Father’s Day is here again, which brings to mind the wonderful man who had so much influence over us all, as a family. He certainly was more than the average ‘man of his time’ in more than one way. My dad was the epitome of a soft, gentle soul who adored my mother and all of his family and set a standard for us to live by.
As a young child, I remember distinctly the day I found out some family background. I was colouring at the kitchen table and my mum was working at her sewing machine, nearby. I asked the question, “Mummy, why do R, K and S [initials of their first names] have a different surname from J and me?”
Mum’s reply was because their father had died when they were very young and then she had married my father later. My little sis and I were the two children who followed that union. Of course, at the time I did not think this was remarkable, but just continued colouring in.
Sometime later, a friend at school took great pains to inform me, that if my elder siblings had a different father, then they were actually my step-brothers and sister. Coming home from school on that particular day, I approached my parents, who just happened to both be at home at the time, and brought this subject up. My dad immediately replied, “In this house there are no steps!”
I instantly accepted this as truth because that is the way that our family lived out our relationships. My dad was called by that name by all five kids. In fact, only the very eldest of the three older kids could actually remember their father at all. The eldest was also the only one who remembers our dad joining the family, after my mum had been widowed. The other two hadn’t even been told that dad wasn’t their father until it was revealed, after my birth (by a tactless relative’s comment to my elder sister, when mum was in hospital).
In the 1950s it was fairly standard practise to keep details of births and marriages, even the slightest bit outside the norm of the day, from children. Hence, many children were unaware that they had been adopted. This is how it was, with the case of the paternity of my older brothers and sister. As my younger sister and I were still children, compared to the older siblings, we were still oblivious to these details until I asked my questions. My dad simply fulfilled the role of father to us all; a hardworking, caring, loveable man who spent time talking to all of his kids, showing an interest in us and always giving quality time to family life. This was only one of his most admirable qualities.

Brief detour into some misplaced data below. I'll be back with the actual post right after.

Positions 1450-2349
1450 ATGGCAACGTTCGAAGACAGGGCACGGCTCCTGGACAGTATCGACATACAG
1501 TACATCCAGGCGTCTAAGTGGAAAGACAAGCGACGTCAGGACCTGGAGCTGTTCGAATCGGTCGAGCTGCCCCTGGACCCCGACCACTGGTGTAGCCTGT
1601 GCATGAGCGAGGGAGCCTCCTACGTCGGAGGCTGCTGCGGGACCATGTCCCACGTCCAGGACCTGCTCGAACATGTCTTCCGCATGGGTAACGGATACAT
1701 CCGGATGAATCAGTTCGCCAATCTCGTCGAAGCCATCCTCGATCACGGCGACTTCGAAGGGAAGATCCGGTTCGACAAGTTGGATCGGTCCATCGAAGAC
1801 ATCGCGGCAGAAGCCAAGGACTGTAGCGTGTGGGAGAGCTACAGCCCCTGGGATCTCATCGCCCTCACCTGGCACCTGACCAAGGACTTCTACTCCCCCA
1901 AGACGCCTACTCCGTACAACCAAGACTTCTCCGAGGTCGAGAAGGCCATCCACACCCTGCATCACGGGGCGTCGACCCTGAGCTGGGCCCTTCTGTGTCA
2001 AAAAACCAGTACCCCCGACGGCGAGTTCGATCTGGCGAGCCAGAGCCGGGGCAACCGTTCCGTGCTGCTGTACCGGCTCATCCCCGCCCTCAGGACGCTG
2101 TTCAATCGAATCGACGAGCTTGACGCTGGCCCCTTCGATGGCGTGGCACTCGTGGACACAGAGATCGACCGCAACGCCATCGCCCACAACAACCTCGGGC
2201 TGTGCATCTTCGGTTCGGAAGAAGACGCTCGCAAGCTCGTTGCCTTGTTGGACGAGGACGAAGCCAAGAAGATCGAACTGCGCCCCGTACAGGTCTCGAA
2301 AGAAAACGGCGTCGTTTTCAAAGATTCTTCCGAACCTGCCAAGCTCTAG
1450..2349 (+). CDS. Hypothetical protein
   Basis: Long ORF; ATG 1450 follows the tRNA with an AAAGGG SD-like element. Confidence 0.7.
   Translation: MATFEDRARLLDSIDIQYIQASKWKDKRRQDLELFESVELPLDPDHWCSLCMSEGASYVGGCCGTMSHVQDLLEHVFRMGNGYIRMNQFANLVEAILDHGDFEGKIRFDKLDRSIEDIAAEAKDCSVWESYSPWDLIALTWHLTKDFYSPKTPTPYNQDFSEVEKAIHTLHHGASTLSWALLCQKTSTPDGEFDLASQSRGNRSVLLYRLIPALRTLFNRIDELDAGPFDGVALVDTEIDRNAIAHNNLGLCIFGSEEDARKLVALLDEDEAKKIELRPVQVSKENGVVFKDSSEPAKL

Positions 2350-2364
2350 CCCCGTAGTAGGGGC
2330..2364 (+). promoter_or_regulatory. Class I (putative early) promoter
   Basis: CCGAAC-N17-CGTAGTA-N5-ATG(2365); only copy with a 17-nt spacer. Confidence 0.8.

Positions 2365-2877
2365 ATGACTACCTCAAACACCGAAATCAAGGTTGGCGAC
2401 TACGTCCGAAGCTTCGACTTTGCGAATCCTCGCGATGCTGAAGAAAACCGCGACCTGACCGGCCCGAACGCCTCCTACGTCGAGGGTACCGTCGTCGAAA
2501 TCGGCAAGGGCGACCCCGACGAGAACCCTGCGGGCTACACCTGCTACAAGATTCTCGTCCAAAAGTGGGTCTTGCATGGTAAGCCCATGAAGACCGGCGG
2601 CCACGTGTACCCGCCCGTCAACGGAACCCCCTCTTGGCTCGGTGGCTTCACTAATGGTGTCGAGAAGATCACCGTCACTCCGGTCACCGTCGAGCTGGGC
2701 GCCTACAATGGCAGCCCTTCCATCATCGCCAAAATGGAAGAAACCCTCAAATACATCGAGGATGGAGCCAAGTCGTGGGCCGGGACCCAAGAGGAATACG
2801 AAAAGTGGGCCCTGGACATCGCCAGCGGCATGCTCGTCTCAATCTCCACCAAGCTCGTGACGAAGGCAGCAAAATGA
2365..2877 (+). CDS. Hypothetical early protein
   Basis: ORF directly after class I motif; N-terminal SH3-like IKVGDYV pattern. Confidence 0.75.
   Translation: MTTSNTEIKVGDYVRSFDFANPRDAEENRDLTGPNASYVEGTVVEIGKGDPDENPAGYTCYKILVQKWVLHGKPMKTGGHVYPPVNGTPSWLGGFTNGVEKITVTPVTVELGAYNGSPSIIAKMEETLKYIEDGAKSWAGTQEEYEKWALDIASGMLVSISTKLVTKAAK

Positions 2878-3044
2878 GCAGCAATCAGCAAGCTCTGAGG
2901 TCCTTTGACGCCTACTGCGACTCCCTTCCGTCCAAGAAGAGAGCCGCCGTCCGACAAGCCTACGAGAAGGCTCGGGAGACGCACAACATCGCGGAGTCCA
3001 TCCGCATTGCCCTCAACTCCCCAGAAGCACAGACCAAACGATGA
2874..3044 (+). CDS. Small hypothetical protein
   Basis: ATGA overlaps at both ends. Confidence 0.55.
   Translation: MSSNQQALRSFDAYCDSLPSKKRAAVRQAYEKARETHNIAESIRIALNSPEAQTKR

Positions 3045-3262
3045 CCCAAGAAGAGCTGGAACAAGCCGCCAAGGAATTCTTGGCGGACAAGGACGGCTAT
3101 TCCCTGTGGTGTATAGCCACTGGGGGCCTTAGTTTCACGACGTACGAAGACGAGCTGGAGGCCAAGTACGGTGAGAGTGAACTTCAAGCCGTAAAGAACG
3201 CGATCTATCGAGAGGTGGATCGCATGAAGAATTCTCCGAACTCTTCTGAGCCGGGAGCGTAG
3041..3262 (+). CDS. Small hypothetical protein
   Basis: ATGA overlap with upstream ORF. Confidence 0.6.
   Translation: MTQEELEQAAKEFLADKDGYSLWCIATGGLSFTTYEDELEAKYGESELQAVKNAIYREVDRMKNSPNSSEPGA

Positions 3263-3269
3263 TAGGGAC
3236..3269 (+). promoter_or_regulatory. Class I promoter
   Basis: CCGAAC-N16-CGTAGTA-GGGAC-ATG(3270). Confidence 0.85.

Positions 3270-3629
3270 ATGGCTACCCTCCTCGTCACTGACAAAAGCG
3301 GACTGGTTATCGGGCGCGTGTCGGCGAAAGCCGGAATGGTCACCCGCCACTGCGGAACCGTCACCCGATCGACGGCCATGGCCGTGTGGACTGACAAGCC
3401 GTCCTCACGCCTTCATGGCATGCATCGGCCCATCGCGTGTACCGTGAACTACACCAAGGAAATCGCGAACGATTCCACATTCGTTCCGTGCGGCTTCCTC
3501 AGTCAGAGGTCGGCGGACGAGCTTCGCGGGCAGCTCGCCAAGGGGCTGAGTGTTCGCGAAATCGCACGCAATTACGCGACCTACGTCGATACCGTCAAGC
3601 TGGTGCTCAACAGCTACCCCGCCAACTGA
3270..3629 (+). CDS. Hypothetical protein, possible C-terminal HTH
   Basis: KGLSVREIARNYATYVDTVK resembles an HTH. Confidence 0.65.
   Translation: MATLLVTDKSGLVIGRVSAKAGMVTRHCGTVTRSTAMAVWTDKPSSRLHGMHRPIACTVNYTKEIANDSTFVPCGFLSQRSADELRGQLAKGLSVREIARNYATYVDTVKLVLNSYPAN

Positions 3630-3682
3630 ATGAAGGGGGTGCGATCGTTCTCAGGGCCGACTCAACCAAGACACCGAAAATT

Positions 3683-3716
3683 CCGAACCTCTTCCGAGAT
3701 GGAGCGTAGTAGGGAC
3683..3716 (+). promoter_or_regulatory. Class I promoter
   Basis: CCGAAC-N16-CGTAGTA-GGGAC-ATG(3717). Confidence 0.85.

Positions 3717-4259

Dad’s other amazing qualities were his support of my mum, ceaselessly and tirelessly, from a domestic perspective. Mum had taken up dressmaking at home, as a widow of three very small children, simply to make ends meet. When dad came along, they married and had two more of us, so it was a tall order to afford five kids, in a post-war environment, when wages were low and economics strained. Dad had been a victim of the Depression, in his family of origin, so that educational opportunity was extremely limited. World War II followed this period when he served in the army, overseas. This meant, in his late-20s, dad returned home to take whatever manual labour employment he could find. After marriage, he moved to Sydney and worked for the Australian paper mills, for more than 20 years. As a shift worker on a rotating roster, dad often had a stretch of five days off, once per month, after finishing the seven night shift round. This meant he was often at home during weekdays, before afternoon shifts or finishing at 3pm.